Written evidence from the Centre for Analysis of Social Exclusion (CASE) at LSE (CPM0043)


Our response draws on the work of current and former CASE researchers: Tania Burchardt, Kerris Cooper, John Hills, Rana Khazbak, Ruth Lupton, Abigail McKnight, Polina Obolenskaya, Ilona Pinter, Mary Reader, Nick Roberts, Tom Sefton, Isabel Shutes, Kitty Stewart, Polly Vizard and Jane Waldfogel.


The main headline measure of child poverty should be the share of children living in households with less than 60% of median equivalised income after housing costs.

No single poverty measure can give a full picture of child poverty, so a series of additional measures should also be used, along with multi-dimensional indicators of children’s wider well-being.

Targets for poverty reduction have proved very effective in keeping a clear policy focus on child poverty. Concerns that they distort decision-making are not supported by the evidence of the last two decades. But targets do need to be treated reflectively within a broad child poverty strategy, with attention to wider indicators and to groups of children who are not counted or who are hidden in existing statistics. 

There is very strong evidence that poverty has a negative impact on children’s well-being and development. This means the measurement of child poverty and the adoption of a serious child poverty reduction strategy are of critical importance, for children themselves and in the interests of the economy and society.


The Centre for Analysis of Social Exclusion (CASE) is a multi-disciplinary research centre at the London School of Economics and Political Science. Established in 1997, our research examines social disadvantage and the role of social and public policies in preventing, mitigating or exacerbating it. We understand social disadvantage to be multidimensional, and to be best understood in a dynamic or lifecourse perspective, with individual, family, local, national and international aspects.


We have published extensively on multiple aspects of poverty and disadvantage in the UK over the last two decades, including causes, consequences, the effectiveness of policy responses and questions of measurement. This collective response draws on research evidence from publications and accumulated wisdom from across the centre.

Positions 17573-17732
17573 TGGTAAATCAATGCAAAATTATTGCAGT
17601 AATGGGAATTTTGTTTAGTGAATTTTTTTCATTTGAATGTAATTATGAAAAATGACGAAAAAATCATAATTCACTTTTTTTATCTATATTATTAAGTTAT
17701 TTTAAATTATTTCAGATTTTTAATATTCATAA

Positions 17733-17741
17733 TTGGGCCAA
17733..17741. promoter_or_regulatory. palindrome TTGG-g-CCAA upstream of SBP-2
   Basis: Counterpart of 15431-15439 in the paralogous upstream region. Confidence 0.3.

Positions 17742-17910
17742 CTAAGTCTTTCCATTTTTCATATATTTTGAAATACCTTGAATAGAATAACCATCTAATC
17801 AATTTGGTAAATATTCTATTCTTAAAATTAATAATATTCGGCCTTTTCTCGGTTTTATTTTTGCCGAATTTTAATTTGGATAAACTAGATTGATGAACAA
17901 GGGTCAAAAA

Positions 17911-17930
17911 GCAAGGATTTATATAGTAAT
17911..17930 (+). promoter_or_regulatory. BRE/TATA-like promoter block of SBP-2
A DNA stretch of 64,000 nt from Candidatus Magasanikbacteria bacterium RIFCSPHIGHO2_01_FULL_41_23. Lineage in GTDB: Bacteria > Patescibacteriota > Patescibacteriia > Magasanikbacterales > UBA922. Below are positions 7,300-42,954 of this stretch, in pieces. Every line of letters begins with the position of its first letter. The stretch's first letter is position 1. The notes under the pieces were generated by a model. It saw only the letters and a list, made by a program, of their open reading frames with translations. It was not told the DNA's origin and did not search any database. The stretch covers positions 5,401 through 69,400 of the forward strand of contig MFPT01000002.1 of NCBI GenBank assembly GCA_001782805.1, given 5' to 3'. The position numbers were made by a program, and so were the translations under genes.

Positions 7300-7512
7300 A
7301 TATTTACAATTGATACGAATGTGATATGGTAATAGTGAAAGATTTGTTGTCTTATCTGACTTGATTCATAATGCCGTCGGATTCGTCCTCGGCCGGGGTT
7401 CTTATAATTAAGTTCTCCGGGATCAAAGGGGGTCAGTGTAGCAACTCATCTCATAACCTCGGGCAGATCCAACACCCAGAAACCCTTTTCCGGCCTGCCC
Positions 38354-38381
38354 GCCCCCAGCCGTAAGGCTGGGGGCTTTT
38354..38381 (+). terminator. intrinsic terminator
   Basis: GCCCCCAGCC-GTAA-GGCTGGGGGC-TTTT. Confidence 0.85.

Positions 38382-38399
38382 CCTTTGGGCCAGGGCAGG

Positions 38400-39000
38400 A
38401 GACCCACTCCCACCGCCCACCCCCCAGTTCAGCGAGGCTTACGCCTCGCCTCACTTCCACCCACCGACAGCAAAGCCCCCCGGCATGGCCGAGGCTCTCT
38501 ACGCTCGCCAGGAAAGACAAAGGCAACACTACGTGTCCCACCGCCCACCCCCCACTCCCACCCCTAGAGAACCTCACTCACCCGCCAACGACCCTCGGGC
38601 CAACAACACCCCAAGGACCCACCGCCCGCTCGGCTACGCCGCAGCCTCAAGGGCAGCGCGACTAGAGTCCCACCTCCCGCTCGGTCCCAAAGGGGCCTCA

How should child poverty be measured and defined?

Poverty is a lack of sufficient material resources to meet human needs. We stand by Peter Townsend’s 1979 definition:


"Individuals, families and groups in the population can be said to be in poverty when they lack the resources to obtain the type of diet, participate in the activities and have the living conditions and the amenities which are customary, or at least widely encouraged or approved in the societies to which they belong. Their resources are so seriously below those commanded by the average family that they are in effect excluded from the ordinary living patterns, customs, and activities.” (Townsend, 1979, p.31)


Operationalising this definition of poverty is not straightforward, and it is difficult to capture all aspects using a single poverty measure. Nonetheless, if a single measure is required, the approach used widely across Europe remains our preferred one: child poverty should be measured as the share of children living in households with income below 60% of median income, equivalised for household size.


In the UK context, where housing costs are large, variable and largely reflect factors beyond household control, the question of how housing costs are treated is important. As a single headline measure, our preferred measure would be an After Housing Costs one. Some groups of children are particularly affected by high housing costs, which can put them at a greater risk of after housing cost poverty.[1] However, for a fuller picture (and to aid international comparisons) a Before Housing Costs poverty measure should also be tracked.